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Auto loans industry keeps pedal to the metal

[Oct 3, 2011.]

 

It's a continuing story: the auto loan industry is in top gear and is still accelerating away like a muscle car on NOx. Of course, it's important that lenders choose only borrowers who can afford to keep up with their payments, but perhaps this time around the people who provide finance have learned their lesson.


Auto loans businesses creating jobs


Such responsible lending to prime and subprime borrowers seems to be the policy of GM Financial (previously AmeriCredit), the General Motors subsidiary headquartered in Fort Worth, Texas, at least according to a corporate profile run on Friday by a local newspaper, The Star-Telegram. And business is booming, especially among those whose credit reports have taken a bit of a battering over the last few years.


The newspaper says that the company wrote nearly $2.5 billion worth of auto loans during the first half of 2011, 63 percent more than it did during the same time last year. Profits were up $173 million over the same period.


As importantly, GM Financial has employed 500 new people nationwide over the past year. Add to those the number of new jobs that the lending has directly created (in car builders, parts manufacturers, dealerships, transportation companies and so on) and you may begin to wish that all sectors of the economy were doing so well.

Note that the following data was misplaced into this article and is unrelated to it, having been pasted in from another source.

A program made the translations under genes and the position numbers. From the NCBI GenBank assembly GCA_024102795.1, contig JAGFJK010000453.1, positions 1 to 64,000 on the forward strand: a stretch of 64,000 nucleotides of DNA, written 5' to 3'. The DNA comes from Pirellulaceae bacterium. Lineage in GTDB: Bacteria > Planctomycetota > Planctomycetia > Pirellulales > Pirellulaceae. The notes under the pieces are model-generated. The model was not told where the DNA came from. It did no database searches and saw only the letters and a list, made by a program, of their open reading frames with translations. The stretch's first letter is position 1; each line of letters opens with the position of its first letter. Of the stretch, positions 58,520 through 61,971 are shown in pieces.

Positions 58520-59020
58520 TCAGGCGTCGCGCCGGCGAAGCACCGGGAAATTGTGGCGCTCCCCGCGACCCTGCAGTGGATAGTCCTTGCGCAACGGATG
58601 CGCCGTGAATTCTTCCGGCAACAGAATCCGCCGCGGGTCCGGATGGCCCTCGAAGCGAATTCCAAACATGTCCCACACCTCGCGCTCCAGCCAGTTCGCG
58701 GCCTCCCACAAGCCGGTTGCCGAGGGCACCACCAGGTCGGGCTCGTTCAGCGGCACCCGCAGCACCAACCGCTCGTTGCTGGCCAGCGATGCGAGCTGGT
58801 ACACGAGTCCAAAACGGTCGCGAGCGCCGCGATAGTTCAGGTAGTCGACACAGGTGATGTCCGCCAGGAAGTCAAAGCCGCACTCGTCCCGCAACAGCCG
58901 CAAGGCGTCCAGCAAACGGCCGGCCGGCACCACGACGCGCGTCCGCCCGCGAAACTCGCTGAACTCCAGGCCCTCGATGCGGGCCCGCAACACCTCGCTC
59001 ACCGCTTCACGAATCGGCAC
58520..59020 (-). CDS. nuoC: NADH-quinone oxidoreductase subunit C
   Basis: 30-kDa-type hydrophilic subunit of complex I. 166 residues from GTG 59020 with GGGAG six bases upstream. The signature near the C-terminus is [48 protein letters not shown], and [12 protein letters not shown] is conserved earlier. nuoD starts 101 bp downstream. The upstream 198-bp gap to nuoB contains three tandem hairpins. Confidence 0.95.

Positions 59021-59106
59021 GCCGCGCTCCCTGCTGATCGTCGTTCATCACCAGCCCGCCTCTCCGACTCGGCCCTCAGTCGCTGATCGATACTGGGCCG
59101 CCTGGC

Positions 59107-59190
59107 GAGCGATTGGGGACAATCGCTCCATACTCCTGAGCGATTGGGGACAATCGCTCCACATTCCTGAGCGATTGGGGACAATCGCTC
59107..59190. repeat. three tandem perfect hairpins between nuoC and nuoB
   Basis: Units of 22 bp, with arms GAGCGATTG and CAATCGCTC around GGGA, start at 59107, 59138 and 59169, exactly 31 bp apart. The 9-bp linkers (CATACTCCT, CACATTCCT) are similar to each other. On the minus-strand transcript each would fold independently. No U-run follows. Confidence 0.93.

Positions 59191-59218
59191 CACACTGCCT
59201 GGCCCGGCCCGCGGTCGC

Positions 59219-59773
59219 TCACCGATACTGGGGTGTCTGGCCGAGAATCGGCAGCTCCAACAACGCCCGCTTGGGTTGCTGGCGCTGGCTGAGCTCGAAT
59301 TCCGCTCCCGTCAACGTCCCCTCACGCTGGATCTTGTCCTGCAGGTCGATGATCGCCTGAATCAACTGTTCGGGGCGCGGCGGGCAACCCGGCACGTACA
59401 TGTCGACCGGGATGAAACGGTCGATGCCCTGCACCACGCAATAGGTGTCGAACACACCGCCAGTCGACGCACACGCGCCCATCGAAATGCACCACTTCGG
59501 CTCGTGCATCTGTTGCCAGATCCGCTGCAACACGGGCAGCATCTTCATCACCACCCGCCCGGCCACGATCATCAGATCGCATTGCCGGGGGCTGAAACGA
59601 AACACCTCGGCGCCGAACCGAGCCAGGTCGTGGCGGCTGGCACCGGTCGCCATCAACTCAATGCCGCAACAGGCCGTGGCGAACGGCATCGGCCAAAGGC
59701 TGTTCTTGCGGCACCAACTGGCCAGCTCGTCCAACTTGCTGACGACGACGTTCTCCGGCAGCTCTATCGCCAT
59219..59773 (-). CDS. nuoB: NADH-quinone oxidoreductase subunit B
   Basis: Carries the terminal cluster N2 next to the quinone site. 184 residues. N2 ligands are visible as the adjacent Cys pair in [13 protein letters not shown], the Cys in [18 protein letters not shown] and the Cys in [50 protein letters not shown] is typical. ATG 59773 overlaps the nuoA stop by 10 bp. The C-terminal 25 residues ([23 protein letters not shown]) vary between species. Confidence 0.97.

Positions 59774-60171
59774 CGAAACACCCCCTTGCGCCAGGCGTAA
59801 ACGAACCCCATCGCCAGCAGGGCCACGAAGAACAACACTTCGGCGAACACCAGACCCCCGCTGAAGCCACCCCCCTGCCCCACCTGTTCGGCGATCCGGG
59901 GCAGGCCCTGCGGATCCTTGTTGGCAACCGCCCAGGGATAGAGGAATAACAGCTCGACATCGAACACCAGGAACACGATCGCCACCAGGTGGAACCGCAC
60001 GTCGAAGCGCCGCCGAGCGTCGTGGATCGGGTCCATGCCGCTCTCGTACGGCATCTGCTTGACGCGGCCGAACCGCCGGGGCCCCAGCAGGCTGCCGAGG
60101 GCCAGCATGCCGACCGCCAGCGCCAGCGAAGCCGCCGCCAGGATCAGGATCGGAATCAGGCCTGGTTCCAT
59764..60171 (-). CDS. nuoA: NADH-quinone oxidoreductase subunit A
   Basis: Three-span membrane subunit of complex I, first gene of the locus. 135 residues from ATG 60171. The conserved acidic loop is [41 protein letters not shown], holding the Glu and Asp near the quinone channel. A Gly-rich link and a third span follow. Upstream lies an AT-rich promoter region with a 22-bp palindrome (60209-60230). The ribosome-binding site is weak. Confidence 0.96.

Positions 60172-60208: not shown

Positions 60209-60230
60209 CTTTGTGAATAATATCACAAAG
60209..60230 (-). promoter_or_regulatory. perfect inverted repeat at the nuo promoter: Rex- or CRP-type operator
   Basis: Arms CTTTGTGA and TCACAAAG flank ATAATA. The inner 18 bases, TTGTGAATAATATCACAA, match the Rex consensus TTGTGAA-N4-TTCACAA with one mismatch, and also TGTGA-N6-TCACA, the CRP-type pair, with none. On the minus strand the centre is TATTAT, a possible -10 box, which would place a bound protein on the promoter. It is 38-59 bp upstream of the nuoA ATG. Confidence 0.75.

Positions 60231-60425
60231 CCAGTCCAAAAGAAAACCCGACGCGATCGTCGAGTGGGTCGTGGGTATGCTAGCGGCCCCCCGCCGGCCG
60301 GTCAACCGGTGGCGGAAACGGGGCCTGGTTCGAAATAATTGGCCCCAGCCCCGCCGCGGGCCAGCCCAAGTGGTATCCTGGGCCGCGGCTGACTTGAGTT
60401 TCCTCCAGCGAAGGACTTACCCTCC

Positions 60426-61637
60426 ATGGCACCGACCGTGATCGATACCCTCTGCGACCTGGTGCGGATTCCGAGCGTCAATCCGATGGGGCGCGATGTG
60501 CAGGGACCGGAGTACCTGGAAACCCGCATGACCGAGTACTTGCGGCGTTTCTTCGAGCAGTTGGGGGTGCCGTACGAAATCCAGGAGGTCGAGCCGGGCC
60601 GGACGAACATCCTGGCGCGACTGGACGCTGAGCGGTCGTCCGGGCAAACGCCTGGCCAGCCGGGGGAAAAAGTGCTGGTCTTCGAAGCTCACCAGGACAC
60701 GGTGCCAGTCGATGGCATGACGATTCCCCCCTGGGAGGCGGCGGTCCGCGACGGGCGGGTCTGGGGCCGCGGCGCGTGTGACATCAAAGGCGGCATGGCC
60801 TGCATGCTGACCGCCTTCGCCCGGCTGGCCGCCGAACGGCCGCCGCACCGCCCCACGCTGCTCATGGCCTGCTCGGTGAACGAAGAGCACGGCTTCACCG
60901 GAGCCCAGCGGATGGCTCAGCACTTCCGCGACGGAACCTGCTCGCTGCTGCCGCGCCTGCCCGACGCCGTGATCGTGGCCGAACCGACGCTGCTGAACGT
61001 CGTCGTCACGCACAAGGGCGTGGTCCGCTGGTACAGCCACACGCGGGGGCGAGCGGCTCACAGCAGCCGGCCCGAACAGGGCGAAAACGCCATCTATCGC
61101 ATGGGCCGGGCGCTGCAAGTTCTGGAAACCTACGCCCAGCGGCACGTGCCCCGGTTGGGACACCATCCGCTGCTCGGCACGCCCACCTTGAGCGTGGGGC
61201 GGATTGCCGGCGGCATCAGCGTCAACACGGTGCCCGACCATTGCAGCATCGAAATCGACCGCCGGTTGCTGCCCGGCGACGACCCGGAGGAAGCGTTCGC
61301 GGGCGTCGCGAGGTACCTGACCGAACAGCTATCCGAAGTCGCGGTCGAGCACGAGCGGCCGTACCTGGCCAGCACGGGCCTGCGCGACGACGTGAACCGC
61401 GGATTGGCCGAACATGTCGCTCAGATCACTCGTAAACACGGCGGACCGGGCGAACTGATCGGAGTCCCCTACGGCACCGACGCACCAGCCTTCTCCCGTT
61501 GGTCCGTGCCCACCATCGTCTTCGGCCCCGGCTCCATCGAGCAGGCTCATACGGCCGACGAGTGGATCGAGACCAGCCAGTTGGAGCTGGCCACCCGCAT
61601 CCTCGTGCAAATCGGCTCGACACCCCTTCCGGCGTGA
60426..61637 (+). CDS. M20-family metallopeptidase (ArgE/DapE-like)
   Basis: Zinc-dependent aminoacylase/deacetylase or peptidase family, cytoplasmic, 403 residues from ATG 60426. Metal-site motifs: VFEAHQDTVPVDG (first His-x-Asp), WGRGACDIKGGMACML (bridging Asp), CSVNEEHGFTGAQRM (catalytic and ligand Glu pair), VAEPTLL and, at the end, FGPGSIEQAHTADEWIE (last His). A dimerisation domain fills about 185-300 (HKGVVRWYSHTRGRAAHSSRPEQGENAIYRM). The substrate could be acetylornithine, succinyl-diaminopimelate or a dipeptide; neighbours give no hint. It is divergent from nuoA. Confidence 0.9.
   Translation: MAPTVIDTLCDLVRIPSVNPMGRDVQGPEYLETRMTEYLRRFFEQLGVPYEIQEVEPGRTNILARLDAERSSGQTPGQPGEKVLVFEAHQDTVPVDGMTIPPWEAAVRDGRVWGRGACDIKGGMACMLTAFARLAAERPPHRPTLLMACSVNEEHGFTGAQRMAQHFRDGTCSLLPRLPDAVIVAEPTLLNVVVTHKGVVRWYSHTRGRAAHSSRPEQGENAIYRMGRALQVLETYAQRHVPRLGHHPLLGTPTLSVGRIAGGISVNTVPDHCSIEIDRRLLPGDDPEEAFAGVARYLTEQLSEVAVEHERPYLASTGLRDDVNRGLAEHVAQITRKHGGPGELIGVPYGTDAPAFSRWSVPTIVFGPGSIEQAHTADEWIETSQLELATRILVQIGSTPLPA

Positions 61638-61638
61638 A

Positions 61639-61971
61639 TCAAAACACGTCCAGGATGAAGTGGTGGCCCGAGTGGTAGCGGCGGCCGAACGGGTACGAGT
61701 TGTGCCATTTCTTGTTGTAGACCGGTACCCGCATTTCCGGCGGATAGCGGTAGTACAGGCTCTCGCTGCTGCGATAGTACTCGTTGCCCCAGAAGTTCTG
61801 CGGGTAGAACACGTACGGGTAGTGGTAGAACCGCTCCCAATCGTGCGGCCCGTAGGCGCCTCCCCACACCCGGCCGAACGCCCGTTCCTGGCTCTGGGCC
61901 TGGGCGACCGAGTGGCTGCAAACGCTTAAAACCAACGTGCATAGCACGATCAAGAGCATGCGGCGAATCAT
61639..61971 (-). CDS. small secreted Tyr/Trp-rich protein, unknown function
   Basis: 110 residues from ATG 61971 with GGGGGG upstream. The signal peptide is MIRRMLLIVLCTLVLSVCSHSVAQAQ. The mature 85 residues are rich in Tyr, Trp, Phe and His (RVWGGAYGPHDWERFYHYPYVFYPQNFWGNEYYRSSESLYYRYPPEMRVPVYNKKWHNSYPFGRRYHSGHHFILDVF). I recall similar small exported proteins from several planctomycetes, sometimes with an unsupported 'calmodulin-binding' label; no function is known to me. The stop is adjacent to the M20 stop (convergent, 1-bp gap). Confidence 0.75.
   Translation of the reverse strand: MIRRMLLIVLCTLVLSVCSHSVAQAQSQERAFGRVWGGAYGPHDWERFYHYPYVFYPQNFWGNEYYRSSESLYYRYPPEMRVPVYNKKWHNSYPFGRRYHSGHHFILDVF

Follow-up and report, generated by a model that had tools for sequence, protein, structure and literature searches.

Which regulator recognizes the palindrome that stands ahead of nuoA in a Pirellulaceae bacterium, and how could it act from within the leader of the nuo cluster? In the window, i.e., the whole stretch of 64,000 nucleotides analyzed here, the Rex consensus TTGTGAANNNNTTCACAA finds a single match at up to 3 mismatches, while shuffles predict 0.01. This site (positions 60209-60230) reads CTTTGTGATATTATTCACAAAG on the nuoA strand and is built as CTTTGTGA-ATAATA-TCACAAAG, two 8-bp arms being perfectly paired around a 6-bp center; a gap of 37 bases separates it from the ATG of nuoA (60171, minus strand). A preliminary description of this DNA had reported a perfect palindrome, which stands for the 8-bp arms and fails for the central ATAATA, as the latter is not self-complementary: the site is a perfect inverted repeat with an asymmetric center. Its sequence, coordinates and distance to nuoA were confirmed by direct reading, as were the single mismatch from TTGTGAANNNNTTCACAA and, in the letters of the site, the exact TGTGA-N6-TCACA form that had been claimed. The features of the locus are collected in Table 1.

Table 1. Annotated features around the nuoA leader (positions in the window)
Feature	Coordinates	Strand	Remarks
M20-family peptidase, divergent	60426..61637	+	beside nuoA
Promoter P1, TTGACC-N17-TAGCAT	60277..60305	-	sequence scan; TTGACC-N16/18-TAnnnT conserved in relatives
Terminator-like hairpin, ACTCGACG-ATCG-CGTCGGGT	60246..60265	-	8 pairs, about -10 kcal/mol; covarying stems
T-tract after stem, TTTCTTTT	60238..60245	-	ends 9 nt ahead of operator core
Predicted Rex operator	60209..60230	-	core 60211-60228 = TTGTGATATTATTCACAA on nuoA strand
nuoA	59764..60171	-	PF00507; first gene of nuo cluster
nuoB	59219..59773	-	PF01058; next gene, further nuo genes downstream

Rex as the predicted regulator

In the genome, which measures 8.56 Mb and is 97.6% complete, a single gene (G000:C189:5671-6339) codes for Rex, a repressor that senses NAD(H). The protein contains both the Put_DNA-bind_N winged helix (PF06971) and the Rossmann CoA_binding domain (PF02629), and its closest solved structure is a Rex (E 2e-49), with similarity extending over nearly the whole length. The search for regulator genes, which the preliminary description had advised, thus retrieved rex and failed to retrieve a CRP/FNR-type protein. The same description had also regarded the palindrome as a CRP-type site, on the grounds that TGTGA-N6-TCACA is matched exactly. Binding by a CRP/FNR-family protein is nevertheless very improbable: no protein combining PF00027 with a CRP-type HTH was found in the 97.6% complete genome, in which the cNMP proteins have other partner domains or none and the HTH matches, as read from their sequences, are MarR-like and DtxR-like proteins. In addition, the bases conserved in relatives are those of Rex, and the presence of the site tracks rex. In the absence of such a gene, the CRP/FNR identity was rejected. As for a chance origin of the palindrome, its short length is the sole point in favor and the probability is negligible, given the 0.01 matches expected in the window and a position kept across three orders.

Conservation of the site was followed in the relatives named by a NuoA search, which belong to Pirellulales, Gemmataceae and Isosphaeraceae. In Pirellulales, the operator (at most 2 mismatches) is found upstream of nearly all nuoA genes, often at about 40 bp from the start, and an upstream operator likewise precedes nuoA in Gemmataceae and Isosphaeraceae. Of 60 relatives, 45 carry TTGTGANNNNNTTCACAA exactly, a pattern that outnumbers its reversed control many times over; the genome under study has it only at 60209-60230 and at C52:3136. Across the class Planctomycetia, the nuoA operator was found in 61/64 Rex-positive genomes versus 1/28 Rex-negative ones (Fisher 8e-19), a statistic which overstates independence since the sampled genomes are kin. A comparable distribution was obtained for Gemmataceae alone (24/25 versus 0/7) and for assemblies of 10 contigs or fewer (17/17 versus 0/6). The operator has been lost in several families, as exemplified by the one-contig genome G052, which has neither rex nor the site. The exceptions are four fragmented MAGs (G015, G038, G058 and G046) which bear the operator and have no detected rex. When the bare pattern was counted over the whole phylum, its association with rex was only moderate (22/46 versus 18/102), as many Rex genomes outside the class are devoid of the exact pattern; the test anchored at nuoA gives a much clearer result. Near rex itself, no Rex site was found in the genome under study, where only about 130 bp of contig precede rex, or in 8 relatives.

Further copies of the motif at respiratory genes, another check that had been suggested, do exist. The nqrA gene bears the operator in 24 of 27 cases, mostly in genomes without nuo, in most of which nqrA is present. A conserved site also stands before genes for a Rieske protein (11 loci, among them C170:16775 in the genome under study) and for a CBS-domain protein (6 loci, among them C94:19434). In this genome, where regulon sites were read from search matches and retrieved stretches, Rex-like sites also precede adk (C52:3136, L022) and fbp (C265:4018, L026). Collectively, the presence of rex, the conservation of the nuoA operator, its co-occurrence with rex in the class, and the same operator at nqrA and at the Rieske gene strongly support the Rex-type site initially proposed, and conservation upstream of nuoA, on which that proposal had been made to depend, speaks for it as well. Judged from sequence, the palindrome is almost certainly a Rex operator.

Auto loans for subprime borrowers growing fast


GM Financial's experience with subprime borrowers seems to be shared by many other lenders across the industry. A recent report from Experian Automotive revealed that less-than-prime loans for new vehicles had jumped 22.4 percent by the second quarter of this year, compared with the same period in 2010. Indeed, during the April-June quarter of 2011, 22.29 percent of all successful applications for auto loans for new vehicles were made by people who don't fall into the prime category. Indeed, those regarded as having the most damaged credit (so-called "deep subprime" borrowers) saw the biggest jump in those successful applications: up a whopping 44.1 percent compared with the same quarter last year.


When interviewed by The Star-Telegram, GM Financial CEO Dan Berce explained why lenders are more confident in lending to people outside the prime category. He identified three reasons in particular:



  1. Consumers are prioritizing their auto loan payments over many other debt obligations.

  2. Americans are generally being more responsible in how they manage credit.

  3. The personal consequences of defaulting on auto loans are much more serious now than they were before the credit crunch.


Quotes for auto loans


If you've had some financial problems over the last few years, and know that your credit score isn't as healthy as you'd like, you may have assumed that you'd automatically be turned down if you tried to buy a new or used car. And for a while you'd almost certainly have been right. But things have changed recently, and--while there are no guarantees--you're likely to stand a much better chance of seeing your loan approved today than for some years. So why not check out some competitive quotes for auto loans now?

 

About Author:

Peter Andrew has been writing about -- and for -- business for more than two decades. For the last couple of years, he has found himself increasingly specializing in the U.S. financial sector.

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